From a young age, I was brought up with the sense of an ‘other’. Protestants were different, and that’s why we avoided their areas, why we went to different schools and why there was conflict. I accepted this as ‘just the way it is’. However, as I grew up, I made friends from the Protestant community and what I found was a collective viewpoint that the division between Catholics and Protestants is totally futile.
The party isn’t backed by big business, it’s not made up of establishment politicians who represent the interests of the richest 1%. It’s there to represent the people and help create a mass movement to end the tyranny of capitalism, allowing us to create a fair and equal society where everyone has the right to the best possible medical care, where everyone has equal opportunity to be educated without the worry of a massive debt over their heads.
Jeremy Corbyn’s call to scrap tuition fees and to introduce maintenance allowances is a welcome development in the fight for free education. Although there is a way to go before these reforms are won, the Labour Party’s proposal to invest an extra £25 billion into education in England offered a clear alternative to the long-term programme of cuts and corporatisation.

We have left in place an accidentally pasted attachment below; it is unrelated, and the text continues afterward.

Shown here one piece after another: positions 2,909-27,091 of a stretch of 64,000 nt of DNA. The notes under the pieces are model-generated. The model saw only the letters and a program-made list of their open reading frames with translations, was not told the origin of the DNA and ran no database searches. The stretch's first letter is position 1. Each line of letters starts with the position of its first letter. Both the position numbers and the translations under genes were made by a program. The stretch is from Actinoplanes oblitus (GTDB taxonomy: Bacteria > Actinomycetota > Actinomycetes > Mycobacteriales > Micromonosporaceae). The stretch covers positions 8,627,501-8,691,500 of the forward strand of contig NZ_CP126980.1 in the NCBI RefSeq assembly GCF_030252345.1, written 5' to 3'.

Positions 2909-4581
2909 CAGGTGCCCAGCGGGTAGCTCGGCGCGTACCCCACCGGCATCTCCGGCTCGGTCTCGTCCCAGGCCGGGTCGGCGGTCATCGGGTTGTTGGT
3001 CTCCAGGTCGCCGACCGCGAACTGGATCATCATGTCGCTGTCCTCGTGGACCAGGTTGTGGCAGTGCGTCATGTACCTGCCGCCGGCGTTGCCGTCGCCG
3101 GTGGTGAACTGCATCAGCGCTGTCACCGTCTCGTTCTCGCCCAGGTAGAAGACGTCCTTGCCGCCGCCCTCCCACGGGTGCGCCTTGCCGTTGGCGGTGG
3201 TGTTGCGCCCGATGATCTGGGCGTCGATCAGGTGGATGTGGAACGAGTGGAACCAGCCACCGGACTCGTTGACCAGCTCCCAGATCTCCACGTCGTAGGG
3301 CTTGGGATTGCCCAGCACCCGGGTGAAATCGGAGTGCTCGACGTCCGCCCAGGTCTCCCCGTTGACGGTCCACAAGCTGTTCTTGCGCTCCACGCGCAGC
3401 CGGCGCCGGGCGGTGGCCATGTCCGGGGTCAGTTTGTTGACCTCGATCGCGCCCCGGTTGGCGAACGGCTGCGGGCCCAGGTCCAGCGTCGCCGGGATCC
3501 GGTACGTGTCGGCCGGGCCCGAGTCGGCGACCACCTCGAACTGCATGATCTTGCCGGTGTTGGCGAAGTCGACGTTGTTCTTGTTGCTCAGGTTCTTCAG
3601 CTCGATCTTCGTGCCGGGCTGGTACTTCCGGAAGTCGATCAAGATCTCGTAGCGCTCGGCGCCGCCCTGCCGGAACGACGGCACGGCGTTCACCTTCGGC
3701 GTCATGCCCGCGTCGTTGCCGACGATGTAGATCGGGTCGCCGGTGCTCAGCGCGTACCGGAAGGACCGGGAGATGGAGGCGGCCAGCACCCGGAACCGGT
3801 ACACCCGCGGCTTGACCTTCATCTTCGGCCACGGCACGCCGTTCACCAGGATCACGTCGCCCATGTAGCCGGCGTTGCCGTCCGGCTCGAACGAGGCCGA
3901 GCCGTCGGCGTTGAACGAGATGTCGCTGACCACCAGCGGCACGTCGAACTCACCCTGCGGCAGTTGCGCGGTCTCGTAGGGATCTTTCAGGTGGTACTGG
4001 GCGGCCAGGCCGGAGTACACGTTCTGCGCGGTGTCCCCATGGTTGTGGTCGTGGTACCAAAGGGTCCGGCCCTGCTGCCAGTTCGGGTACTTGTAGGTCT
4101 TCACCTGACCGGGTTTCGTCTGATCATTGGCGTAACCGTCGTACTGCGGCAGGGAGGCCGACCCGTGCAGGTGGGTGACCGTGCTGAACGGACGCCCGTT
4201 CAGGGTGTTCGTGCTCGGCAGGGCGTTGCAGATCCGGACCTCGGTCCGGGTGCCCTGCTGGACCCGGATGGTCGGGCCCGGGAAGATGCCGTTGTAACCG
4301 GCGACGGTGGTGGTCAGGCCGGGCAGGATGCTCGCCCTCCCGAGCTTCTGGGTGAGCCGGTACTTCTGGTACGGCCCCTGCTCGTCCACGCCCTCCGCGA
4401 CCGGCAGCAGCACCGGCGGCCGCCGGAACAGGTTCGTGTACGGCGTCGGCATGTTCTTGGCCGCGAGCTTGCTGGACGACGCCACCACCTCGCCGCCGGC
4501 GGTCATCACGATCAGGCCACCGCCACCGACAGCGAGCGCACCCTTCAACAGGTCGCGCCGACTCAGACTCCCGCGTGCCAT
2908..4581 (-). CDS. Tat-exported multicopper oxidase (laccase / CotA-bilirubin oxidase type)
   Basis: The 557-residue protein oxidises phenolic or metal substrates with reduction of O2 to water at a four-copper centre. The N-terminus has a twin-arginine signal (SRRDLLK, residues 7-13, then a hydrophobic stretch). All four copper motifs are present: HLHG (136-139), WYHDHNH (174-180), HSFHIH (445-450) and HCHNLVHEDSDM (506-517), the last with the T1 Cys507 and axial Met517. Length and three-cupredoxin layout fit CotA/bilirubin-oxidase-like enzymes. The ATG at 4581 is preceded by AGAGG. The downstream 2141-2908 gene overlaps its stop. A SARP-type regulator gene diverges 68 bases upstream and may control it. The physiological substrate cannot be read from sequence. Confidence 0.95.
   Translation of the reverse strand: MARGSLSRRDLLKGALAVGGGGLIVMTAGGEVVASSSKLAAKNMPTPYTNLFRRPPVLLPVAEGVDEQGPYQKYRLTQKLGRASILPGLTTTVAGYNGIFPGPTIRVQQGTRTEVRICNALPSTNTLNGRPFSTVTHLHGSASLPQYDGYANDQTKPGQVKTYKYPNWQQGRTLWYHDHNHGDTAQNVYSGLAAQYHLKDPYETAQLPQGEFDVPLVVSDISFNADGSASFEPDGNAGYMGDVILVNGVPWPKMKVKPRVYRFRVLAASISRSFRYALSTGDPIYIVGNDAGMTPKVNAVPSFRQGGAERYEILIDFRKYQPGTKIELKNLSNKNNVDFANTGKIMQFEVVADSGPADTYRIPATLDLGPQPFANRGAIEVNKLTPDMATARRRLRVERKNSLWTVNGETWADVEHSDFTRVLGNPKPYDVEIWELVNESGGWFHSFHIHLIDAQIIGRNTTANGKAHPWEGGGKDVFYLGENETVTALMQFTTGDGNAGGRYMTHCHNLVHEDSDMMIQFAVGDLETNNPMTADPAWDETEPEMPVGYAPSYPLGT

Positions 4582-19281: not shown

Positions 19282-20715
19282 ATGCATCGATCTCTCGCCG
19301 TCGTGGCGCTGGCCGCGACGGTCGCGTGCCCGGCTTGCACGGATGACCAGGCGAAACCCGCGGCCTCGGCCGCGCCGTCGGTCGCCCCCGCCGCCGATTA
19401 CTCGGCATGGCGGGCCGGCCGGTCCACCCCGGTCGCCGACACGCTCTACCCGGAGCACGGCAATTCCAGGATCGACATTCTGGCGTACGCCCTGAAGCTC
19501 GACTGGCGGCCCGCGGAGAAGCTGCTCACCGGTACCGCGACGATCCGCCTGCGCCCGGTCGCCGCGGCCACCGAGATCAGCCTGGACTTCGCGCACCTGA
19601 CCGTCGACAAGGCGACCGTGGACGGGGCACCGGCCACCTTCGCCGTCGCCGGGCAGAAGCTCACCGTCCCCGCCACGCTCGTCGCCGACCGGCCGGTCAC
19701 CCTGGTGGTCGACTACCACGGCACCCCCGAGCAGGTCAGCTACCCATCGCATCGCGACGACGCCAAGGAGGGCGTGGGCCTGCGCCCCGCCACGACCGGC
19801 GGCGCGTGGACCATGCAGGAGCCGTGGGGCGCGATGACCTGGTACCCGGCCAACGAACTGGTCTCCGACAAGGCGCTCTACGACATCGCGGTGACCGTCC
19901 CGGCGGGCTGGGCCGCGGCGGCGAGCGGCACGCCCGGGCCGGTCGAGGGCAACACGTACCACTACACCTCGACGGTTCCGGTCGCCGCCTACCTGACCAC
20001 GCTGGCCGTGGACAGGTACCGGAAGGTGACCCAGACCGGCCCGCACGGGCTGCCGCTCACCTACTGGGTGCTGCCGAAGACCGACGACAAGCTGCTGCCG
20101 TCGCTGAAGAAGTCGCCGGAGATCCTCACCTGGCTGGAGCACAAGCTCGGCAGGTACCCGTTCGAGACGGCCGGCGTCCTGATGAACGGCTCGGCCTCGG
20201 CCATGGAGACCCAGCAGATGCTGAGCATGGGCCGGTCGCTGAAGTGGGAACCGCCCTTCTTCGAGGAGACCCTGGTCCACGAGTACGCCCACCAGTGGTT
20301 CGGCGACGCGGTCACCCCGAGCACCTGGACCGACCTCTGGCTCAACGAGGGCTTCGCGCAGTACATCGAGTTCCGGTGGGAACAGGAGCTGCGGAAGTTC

The surge in price rises continues unabated. Official figures released in May put inflation at a rate of 2.9%, with most economists predicting further price rises this year.
Séamas McLaughlin, Foyle Socialist Youth writes: the people of this island, Protestant and Catholic, were not oppressed simply by Britain, but rather, by capitalists, both British and Irish, who used sectarianism who gave us divided.